The power of learning languages…
Before I start the interview, I’d like to share a quote Myke has in the prefaces of The Quick and Dirty Guide to Learning Languages Fast.
“He who learns another language earns another soul”
When I first read the quote, my heart glowed. And then I grinned.
Now, just sit back and think about it. Without being able to communicate, we cannot possibly understand the nuances of a different culture.
So, by learning their language, we acquire the ability to absorb parts of their world and possibly their mindset.
The power of it totally blew me away.
And now I give you… Myke Hawke…
Myke Hawke is a TV personality, professional soldier, and author, as well as being an accomplished linguist. And while the many attributes of Myke are quite an attraction, it is his language skills that suit women and men learning Thai.
Quoting from The Quick and Dirty Guide to Learning Languages Fast:
To develop my specialized method of instruction, I built backward, the way you are supposed to plan. First, I figured out what was needed and then how to get it as quickly and efficiently as possible. Using this method I have become officially rated in seven languages: Russian, Spanish, French, Italian, German, Serbo-Croation, and Turkish. I used many of these languages within weeks of beginning to study them and served as the official interpreter on our missions.
In addition, with a little research and effort, I was able to create summaries for the other members of my Special Forces team so that they too could function with a day of study.
From these summaries, I wrote this book so that you could learn a foolproof way of conquering a foreign language.
Do not kid yourself: you still acquire the language, the good, old-fashioned way – you have to learn it. But here I have trimmed the fat for you and gotten down to the brass tacks. No fluff, all action words, so you can get down to the action yourself.
Myke Hawke, the interview…
Being a pathetically poor language learner, I’ve always wondered: Are linguists created or born? Were they subjected to a variety of languages when young? Did they always have the language knack or, from a variety of circumstances, did they fall into learning languages later in life?
Hahaha! The answer is easy- it’s both! Like music, everyone can learn to play an instrument, the degree to which they carry it, will depend on natural aptitude of course, but no one just gets there without effort. So the second ingredient is the most important, it’s hard work. Usually, this work is more effective if well organized and that’s all my book really does, is provide a structured framework, but the individual has to build their own house. The third ingredient is motivation… If one lives in a culture surrounded by other languages, or they see a need as a way to increase income, or they just meet a romantic interest of another tongue… But without motivation, the other two ingredients don’t usually amount to much. So, being born with ability helps, but desire and endeavor are what makes a linguist.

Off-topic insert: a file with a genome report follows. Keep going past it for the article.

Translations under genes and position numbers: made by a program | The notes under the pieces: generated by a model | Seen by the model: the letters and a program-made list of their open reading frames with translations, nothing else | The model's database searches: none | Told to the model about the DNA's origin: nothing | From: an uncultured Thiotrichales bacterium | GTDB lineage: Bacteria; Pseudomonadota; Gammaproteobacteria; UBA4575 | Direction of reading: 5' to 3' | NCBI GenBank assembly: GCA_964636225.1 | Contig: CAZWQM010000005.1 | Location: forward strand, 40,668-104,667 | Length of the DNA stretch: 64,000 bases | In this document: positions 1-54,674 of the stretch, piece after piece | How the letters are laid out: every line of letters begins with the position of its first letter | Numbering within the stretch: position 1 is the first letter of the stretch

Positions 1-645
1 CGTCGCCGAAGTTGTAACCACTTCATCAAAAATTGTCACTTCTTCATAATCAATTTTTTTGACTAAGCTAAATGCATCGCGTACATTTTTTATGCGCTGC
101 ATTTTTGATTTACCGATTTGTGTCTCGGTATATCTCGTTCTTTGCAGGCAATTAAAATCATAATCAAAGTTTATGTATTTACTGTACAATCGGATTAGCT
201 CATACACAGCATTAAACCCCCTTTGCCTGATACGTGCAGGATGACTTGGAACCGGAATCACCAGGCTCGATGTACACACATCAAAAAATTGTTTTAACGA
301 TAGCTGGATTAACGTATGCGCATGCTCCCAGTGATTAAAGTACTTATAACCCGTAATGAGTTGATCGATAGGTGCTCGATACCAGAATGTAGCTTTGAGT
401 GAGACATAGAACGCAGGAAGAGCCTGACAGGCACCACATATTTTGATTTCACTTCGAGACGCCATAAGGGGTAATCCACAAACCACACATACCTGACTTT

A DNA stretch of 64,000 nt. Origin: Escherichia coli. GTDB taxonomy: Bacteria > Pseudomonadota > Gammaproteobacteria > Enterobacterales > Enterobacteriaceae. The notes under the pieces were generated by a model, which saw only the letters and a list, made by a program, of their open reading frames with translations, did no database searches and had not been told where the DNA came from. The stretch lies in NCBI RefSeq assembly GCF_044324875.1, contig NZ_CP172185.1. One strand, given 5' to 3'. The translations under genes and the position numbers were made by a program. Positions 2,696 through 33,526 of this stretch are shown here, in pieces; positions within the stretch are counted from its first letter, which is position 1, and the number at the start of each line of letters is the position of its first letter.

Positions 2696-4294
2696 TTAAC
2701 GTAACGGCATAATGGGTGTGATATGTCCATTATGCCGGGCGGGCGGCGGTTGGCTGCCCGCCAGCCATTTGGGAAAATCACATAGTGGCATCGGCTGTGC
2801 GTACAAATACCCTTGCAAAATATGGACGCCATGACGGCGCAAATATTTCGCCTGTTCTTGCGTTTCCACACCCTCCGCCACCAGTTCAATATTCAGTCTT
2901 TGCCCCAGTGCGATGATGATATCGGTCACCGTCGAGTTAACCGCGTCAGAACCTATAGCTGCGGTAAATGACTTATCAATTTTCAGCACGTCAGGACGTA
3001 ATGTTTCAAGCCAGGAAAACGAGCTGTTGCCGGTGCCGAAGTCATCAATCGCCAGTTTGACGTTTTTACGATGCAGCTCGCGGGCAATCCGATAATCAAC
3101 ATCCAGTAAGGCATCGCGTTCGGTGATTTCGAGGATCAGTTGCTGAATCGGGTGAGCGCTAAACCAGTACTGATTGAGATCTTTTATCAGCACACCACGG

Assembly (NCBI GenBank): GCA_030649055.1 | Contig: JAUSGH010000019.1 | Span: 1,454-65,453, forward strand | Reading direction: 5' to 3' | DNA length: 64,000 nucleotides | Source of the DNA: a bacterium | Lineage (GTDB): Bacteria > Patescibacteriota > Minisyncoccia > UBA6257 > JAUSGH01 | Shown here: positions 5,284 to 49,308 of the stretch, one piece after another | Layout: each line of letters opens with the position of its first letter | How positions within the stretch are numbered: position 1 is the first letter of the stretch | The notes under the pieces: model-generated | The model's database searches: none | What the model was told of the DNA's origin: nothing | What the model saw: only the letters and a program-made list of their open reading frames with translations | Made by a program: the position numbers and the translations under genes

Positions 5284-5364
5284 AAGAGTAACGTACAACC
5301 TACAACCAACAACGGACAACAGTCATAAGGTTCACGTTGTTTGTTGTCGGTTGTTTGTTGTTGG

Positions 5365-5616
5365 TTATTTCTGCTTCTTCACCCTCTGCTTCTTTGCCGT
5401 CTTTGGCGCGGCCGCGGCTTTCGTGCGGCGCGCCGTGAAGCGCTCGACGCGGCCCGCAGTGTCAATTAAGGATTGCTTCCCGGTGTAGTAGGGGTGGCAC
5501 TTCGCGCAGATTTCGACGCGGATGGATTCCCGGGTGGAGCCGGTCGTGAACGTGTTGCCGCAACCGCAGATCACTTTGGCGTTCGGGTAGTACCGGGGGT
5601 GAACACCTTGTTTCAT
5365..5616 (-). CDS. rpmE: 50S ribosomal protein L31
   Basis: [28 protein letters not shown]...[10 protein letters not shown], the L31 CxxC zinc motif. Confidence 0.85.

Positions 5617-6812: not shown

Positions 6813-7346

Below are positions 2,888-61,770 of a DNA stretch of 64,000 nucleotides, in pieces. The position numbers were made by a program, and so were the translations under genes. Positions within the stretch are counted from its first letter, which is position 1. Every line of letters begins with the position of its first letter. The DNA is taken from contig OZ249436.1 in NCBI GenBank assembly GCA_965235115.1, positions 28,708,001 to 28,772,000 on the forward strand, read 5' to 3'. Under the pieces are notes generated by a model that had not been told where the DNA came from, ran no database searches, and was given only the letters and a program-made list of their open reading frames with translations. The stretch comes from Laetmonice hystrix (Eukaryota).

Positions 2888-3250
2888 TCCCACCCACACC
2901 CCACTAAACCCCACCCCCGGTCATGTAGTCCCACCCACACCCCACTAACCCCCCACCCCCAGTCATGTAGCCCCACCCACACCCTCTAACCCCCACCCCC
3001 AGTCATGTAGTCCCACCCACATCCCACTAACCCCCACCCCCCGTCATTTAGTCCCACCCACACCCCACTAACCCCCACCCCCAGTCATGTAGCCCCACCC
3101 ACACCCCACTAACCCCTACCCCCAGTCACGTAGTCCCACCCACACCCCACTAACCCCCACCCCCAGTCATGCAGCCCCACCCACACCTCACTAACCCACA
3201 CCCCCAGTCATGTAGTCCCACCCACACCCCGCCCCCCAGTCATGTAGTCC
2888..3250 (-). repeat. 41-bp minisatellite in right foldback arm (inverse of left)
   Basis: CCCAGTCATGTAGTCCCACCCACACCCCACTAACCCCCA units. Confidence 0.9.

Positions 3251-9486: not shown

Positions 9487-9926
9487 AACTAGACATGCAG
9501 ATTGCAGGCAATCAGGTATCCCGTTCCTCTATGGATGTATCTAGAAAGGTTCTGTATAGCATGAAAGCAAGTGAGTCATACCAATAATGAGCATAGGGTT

Myke, you mentioned that it was in the Special Forces where you first tackled a foreign language. Did you have any leanings at all towards learning foreign languages when you were growing up, or was that your first drive to learn a language other than your mother tongue?
No way! In fact, the way I was raised was to think I was stupid. And, since I never got past junior high school, I didn’t think I’d ever be smart enough to learn another language. I only knew what I believed, and that was that during the cold war, the Russians were the threat, and since I had just become an Intelligence guy after being a communications guy first, I felt it was imperative that I learn the language of the threat. So, I requested Russian school with much apprehension, but equal fervor. I graduated early, with honors and all while being a platoon sergeant for 70 troopies.
In The Quick and Dirty Guide you write:
It works for any language… For the less familiar languages, you will need to select and use a very good guide or dictionary in conjunction with this guide.
I’m guessing that Thai would come under a ‘less familiar language’. So, what additional tips do you have for Thai language learners?
- For the languages that come in squiggles and symbols, like Thai, it is good to get the kids books that are made for English speakers or anything that gives phonetic pronunciation examples for starters.
- Get some kids tapes or childrens videos, especially with subtitles and listen to how they say simple words and listen for how they say it, as it sounds to you. This will help you refine your own phonetics standards. (For example, I often find when someone who wrote a phrase book uses a “Th” sound for a letter, I might find it sounds more like a “Dh” sound to me.) So, I tweak it according to how I hear it, and this makes it more intuitive and therefore, a bit easier.